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International Journal of Engineering Science Invention ISSN (Online): 2319 – 6734, ISSN (Print): 2319 – 6726 www.ijesi.org Volume 2 Issue 7ǁ July. 2013 ǁ PP.86-91

Morphometry and Length-weight Relationship of Goby, Parachaeturichthys ocellatus (Day 1873) from Malad creek, Mumbai. 1

B.A. Panicker, 2V.I. Katchi, 3B.M. Gore

1,2,3

Department of Zoology, Bhavan’s College Andheri (W) Mumbai 58

ABSTRACT: The morphometric, meristic and length weight relationship of goby fish Parachaeturichthys ocellatus (Day1873) (Perciformes: Gobiidae) was studied from Malad creek, Mumbai for a period of fourteen months from July2010-Aug2011. A total of 145 fishes of which 82 males of length range between 57-160mm and 63 females of length range between77-140mm were collected from local fishermen of Malad creek in live condition. The morphometric relationship showed a higher correlation value of 0.97between total length and standard length of males and 0.93 in females. The standard length was found to be the fastest growing character and eye diameter was the slowest growing character in both males and females with b value ranging between 0.01-0.75 in males and 0.02-0.72 in females. Meristic characters observed showed limited variation in their range. The results of length weight relationship showed negative allometry with b =2.88 and r=0.93 for males and b=2.18 and r=0.54 for females.

KEYWORDS: morphometry, meristic, length, weight, allometry Introduction Morphometric and meristic characters of a species is a powerful tool for characterizing strains of the same species, which involves detection of subtle variation of shape, independent of size (Strauss and Bond, 1990). Length-Weight Relationship as a growth concept is of attraction to numerous biologists (Lawson, 2011) to study biology, physiology, ecology, population dynamics and general condition of the species. Parachaeturichthys ocellatus is a goby fish belonging to Family Gobiidae. It is native to Mumbai and Ratnagiri coast. Its occurrence in the muddy creeks of Mumbai coast was reported by Mutsaddi and Bal (1973). There is no report on study of biology of this species in the literature survey carried out by the authors. Therefore the present study on morphometric, meristic characters and length weight relationship was undertaken to derive some information about population characteristic of the species. Materials and methods A total of 145 specimens (82 males, 63 females) of P. ocellatus were collected from Malad creek twice in a month ranging from July 2010 to August 2011. The live and gasping fishes were directly collected from the fishermen of Malad creek and were brought to the laboratory in icebox. Fresh specimens were measured to the nearest mm using divider and the measuring board and meristic characters were counted after fixing fish in formalin. Nineteen morphometric and ten meristic characters were studied by following the standard procedures described by Appa Rao (1966), and Dwivedi and Menezes (1974). Relationship between the various body measurements to the total length and some with head length has been determined. Mean, mode, standard deviation, co-efficient correlation and regression co-efficient were calculated for the characters under study. For studying length-weight relationship, the total length was measured to the nearest millimeter and weight was measured to the nearest grams in fresh condition. The cubic relation between total length and weight was calculated by the formula: W= aLb Where W= weight of an individual fish in grams, L= length of individual fish in mm, a and b are constants. The data were statistically analyzed by the method of Le Cren (1951) as log W= log a+ b log L where a and b are constants estimated by linear regression of the log transformed varieties. Length weight relationship was determined separately for both sexes.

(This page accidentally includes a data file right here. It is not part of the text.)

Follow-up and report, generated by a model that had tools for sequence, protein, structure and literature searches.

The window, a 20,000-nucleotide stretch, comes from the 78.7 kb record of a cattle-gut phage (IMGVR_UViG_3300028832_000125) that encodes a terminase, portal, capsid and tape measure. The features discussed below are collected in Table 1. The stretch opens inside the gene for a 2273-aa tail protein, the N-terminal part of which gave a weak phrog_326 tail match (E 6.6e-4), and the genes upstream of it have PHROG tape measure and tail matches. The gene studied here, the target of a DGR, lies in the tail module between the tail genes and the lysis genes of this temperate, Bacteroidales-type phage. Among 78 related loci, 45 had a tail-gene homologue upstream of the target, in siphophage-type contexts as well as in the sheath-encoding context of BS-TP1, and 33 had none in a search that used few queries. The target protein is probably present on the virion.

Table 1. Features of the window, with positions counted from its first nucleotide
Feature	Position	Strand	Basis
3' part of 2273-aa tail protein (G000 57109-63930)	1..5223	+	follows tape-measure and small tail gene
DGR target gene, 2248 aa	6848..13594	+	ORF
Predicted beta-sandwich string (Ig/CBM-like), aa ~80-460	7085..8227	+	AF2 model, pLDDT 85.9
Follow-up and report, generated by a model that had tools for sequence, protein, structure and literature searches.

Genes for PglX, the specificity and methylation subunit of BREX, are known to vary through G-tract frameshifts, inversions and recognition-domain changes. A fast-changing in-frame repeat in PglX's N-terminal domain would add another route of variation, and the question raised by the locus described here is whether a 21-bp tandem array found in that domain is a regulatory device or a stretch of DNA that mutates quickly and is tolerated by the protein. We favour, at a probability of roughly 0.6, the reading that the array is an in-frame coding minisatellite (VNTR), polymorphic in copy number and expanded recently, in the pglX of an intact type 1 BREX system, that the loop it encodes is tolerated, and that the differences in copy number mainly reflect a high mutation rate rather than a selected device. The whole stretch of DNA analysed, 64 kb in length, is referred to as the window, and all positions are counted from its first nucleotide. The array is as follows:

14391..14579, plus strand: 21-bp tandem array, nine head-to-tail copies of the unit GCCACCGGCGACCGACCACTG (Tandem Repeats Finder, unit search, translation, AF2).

Results The statistical analysis of various morphometric characters of males and females are presented in (Table 1) and (Table 3).During the present study of morphometry of Parachaeturichthys ocellatus, the coefficient of correlation (r) for various characters compared with total length for males ranged from 0.74-0.97

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Morphometry and Length-weight Relationship... while in females ranged from 0.56-0.93 indicating high degree of relationship between characters of males and females. The correlation of head length with snout length, inter orbit length and eye diameter ranged from 0.660.78 in males and 0.62-0.76 in females (Table 2) and (Table 4). The higher and lower value of correlation coefficient in males was for standard length r=0.97 and pelvic length r=0.74 while the same in females were r=0.93 and r=0.56 respectively, though the lowest value in females was r=0.46 for pectoral length. Among all the characters compared value of regression coefficient b = 0.7582 in males and b= 0.7242 in females for standard length and b= 0.0890 in males and b=0.1067 in females for pelvic length .But in females pectoral was found to be lowest with value b= 0.759. All the morphometric characters showed negative allometry as the b<1. The meristic counts of P.ocellatus are summarized in Table 5. They show a very limited variation in their range. It was compared with the meristic counts of Day (1878) and was found to be almost in accordance. A slight variation was observed in caudal fin counts. The length weight relationship was studied for male in total length range of 57-160mm and weight of 2.0638.8g. The logarithmic transformation of the LWR for males is given in Fig.1 and expressed as: log W=-4.83088+2.883525log TL (n=82, r=0.9300, b=2.8835) The females varied in total length range of 77-140mm and weight range of 4.54-22.49g. The logarithmic transformation for females is given in Fig.2 and expressed as: log W=-3.3889+ 2.18082log TL (n=63, r=0.5453, b=2.1808) The value of regression coefficient r was higher in males indicating an increase in total length with corresponding increase in weight, but in female the value was found to be lower since length does not increase much with weight. Table1: Statistical estimates of various morphometric characteristics of P.ocellatus male n=82 Sr. no. 1 2 3 4 5 6 7 8 9 10 11 12 13 14 15 16 17 18 19